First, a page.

Written by Bethany Fisher (current WorldTeach Marshall Islands volunteer)
The island of Wotje is known for having good soil to grow a multiplicity of crops. However, since the El Nino draught of 2016, the extreme heat and lack of rain that swept through the RMI dried up most of the gardens on Wotje. Despite this setback, a group of students from Northern Islands High School on Wotje have succeeded in growing some vegetables this year. As a new school project for the grade 9 and Pre-9 students, they have been learning how to grow a garden. English and Agriculture classes have found a happy blend this year for the NIHS freshman students.
Our freshman English class of 81 students started preparing our garden back in January. In January and February, we went out to the school garden, where we weeded and tilled the ground and gathered rotting coconut trees for fertilizer. We learned how to start a nursery, how deep to plant everything, how much sunlight the plants need and ways to fertilize you garden with limited resources. For example, on outer islands, we don’t have eggshells and coffee grounds to make a good, rich compost. So instead, we use crushed crab shells and lobster shells. Sea cucumbers also make an excellent fertilizer. We gathered several rice bags full of sea cucumbers and we tossed them straight into the soil. We also filled a 5 gallon bucket with several sea cucumbers and water. After 5 weeks, the water was ready to use as a fertilizer in our garden. We planted seeds bought from Do It Best in Majuro, such as Corn, Green Beans, Sweet Potatoes, Bell Peppers and Papaya.
NIHS used to teach an agriculture class, but due to the need for teachers in other subjects, the agricultural program was discontinued. The school garden has been kept up and running by 12th grade English teacher, Bonnie Kotes. Bonnie and her 12th graders grew and harvested Sweet Potatoes, Papaya and Taro from 2015-2016, and they even sold some of the vegetables to the Wotje villagers, raising over $100 for the 12th grade school budget. This year, the freshmen have partnered with the seniors to keep the garden growing. The grade 9 and Pre-9 students plan to harvest this year’s veggie crop in May, selling some for the class budget and then eating some themselves. Each student will receive their own packet of seeds when they leave Wotje at the end of the school year, to plant on their respective islands: Aur, Maloelap, Ailuk, Utrik, Mejit, Likiep and Wotje. Fresh vegetables are hard to come by on the outer islands, and this causes lack of nutrition in the diets of our students, which in turn, affects their ability to learn effectively in the classroom. The hope is that each student will learn the necessary skills to plant their own gardens on their home islands and teach others how to garden. Every day, our students get to learn with both their hands and minds. It is fun and incredibly rewarding to see something tangible come out of the work of your own two hands. We have already begun to enjoy eating fresh papaya from our garden, and soon, we will be harvesting some Sweet Potatoes. Yes, we are learning English in our class, but the English lessons are couched in life lessons that will be used beyond the classroom, like practical living skills. And on Wotje, our students are learning both.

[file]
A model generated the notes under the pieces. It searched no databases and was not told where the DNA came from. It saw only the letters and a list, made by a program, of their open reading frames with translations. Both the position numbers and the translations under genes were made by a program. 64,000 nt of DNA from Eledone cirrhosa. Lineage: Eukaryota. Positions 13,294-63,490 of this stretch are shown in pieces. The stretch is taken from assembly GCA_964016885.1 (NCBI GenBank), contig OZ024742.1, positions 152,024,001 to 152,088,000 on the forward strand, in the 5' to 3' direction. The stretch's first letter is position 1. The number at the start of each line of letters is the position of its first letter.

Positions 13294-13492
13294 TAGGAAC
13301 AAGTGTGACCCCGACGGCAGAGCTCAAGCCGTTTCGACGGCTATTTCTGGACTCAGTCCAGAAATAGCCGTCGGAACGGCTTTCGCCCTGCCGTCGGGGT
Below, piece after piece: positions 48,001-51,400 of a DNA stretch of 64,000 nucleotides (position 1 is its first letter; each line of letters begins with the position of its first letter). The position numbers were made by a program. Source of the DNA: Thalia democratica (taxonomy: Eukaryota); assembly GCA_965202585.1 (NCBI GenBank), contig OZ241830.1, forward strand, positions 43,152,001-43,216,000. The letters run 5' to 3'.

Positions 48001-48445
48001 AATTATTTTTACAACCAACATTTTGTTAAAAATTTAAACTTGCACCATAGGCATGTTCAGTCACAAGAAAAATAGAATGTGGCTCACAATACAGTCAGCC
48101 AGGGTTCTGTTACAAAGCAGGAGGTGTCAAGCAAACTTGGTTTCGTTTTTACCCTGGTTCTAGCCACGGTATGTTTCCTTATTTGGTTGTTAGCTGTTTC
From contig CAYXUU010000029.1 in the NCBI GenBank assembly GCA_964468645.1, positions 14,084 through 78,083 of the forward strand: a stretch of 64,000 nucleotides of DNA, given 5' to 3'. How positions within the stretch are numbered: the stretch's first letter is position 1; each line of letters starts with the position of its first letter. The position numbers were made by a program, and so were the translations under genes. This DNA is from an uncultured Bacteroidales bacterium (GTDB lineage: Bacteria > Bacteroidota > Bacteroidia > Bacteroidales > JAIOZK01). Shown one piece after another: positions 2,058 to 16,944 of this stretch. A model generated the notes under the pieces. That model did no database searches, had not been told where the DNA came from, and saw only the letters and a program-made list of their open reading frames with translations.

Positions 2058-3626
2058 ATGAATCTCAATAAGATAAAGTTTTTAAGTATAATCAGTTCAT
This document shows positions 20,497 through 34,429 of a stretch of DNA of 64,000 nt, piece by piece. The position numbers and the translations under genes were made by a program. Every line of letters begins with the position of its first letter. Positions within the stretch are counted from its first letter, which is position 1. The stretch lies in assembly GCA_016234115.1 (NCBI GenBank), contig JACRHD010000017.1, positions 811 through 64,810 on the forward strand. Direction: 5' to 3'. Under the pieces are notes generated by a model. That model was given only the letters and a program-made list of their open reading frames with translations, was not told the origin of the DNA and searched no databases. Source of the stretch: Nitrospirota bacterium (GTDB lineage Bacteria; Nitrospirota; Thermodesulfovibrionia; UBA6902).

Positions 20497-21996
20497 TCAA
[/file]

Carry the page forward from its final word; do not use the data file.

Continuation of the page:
To learn more about the WorldTeach Marshall Islands program, please visit http://bit.ly/1Pgeza4!